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Geico gets green light to sue Google, Overture

Decision in case over whether trademarks can be linked to search results is a blow to search giants, CNET News.com has learned.

Insurance giant Geico can sue Google and Overture Services for allegedly selling advertisements linked to its trademarks, a federal judge has ruled, CNET News.com has learned.

The unpublicized Aug. 25 decision by Judge Leonie Brinkema of the U.S. District Court for the Eastern District of Virginia delivered a blow to the two Internet search giants in their efforts to defend ad sales of trademarks as fair use. It could also ultimately threaten their livelihood: Google and Overture make money by selling ads linked to keyword-triggered search results, and many commercially driven searches are tied to trademarked brands such as Geico or Nike.

Judge Brinkema denied Google and Overture's motion to dismiss six charges brought by Geico, which alleged that the search companies' use of its name to trigger search-related advertisements was trademark infringement, unfair competition and dilution of its marks under the Lanham Act.

"We find that plaintiffs have alleged facts sufficient to support their claims that advertisers make a 'trademark use' of Geico's marks and that defendants may be liable for such trademark use," the ruling stated.

The judge, however, granted Google and Overture's motions to dismiss claims of tortious interference and statutory business conspiracy.

Geico representatives were pleased with the decision. "The judge rejected the argument advanced by Google and Overture that they should not be subject to liability for allowing their advertisers to bid on the Geico marks and, in the words of the judge, 'pay defendants to be linked to the trademarks,'" Geico spokeswoman Janice Minshall said.

"We look forward to the opportunity to prove at trial that this unauthorized use of Geico's well-known trademarks is unlawful and should be stopped," Minshall said.

Google spokesman Steve Langdon countered by saying, "We believe this suit is without merit and will continue to defend against it vigorously." The No. 1 search provider faces similar charges from American Blind and Wallpaper Factory.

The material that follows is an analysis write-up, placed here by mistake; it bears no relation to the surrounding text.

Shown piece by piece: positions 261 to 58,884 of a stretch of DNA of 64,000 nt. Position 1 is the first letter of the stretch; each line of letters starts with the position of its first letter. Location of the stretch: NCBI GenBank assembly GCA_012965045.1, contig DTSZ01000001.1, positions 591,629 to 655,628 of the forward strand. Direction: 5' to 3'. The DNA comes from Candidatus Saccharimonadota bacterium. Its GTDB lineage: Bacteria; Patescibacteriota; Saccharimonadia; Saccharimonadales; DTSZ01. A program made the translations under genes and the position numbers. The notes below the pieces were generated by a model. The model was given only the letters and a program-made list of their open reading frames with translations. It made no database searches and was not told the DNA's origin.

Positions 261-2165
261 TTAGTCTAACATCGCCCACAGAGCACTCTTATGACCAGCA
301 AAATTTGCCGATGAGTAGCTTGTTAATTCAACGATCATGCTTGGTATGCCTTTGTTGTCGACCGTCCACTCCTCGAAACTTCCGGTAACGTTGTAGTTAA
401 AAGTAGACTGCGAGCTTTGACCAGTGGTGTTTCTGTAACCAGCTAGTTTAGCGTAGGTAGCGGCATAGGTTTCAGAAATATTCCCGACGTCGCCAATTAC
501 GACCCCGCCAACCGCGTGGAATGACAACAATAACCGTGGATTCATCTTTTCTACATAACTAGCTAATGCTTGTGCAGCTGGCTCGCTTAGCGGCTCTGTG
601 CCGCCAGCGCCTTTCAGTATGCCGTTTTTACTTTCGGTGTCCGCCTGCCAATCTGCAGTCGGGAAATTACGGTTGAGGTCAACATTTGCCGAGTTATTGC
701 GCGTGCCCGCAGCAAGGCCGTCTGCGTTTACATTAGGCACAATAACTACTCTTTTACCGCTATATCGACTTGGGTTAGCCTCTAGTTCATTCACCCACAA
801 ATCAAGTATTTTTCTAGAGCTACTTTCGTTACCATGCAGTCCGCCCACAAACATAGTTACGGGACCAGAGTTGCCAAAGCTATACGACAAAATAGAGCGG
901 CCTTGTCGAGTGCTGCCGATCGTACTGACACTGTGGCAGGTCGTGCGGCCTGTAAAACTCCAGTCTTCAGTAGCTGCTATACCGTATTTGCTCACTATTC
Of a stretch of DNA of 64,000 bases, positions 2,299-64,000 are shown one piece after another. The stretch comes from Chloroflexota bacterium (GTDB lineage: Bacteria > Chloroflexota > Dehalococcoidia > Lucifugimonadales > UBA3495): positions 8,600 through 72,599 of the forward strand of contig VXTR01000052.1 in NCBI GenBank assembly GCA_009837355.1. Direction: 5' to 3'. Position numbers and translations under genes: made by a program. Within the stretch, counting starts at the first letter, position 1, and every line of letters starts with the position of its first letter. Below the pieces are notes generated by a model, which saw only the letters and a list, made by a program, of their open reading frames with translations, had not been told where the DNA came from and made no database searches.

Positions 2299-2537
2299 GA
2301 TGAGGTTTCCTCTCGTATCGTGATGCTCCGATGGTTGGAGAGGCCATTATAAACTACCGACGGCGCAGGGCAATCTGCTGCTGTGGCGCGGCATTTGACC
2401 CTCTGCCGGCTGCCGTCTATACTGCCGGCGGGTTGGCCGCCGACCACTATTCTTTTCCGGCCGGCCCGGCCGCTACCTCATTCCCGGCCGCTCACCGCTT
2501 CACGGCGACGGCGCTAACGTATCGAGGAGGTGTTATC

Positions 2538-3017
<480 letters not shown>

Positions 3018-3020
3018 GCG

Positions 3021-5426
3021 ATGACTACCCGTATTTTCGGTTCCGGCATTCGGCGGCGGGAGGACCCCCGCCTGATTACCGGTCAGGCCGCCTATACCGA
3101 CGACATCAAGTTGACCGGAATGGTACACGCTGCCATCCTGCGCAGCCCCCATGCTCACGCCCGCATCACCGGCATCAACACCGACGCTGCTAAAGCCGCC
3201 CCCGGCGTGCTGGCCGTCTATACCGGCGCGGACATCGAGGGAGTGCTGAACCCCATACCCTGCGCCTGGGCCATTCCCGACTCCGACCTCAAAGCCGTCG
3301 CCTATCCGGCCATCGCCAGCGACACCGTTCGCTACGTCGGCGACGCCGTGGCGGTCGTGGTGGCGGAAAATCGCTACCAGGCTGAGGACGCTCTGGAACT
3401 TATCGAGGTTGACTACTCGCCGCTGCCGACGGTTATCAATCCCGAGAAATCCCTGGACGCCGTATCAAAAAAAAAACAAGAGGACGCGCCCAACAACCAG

Overture, owned by Yahoo, declined to comment, pointing out that it is only a preliminary ruling.

Geico sued Google and Overture in May, saying that use of its trademarks when selling advertising in search engines constituted trademark infringement and raised various state law causes of action. Google filed a motion to dismiss the case on the grounds that it had no legal merit and that the state claims were insufficiently pleaded.

Last week's decision throws out the state claims as insufficient but allows the trademark claims to proceed on the grounds that Geico's allegations, if proved at trial, would constitute trademark infringement. The judge wrote in the opinion that such a decision can't be made until discovery is done.

Google had

Google attorneys cited the U-Haul International v. WhenU case, in which the moving-truck company alleged trademark infringement against WhenU for displaying rivals' pop-up ads over its Web page. The court found in favor of WhenU, because it only used U-Haul's marks for "pure machine-linking function," Google argued.

Geico's counsel cited similar trademark disputes--but with rulings to favor its case, of course. In 1-800-Contacts v. WhenU, a case fought on the same merits, the judge found against WhenU for making use of the plaintiff's trademarks in the advertising of competitors' Web sites and by including trademarks in the directory of terms that trigger pop-ups. It also called on the 9th Circuit Court opinion in the Playboy v. Excite and Netscape case, in which it found that the two online portals created consumer confusion when using Playboy trademarks to sell banner ads.

"Of the two lines of cases cited by the parties, the court finds that plaintiff's authorities are better reasoned," Judge Brinkema wrote.

Attorneys believe that the decision bodes ill for Google and Overture.

"This decision represents a serious defeat for Google and may open the floodgates to new litigation challenging Google's selling of trademarks as keyword triggers for advertising," said Terence Ross, a partner at law firm Gibson, Dunn & Crutcher who has represented plaintiffs in similar cases against adware makers Claria and WhenU.com.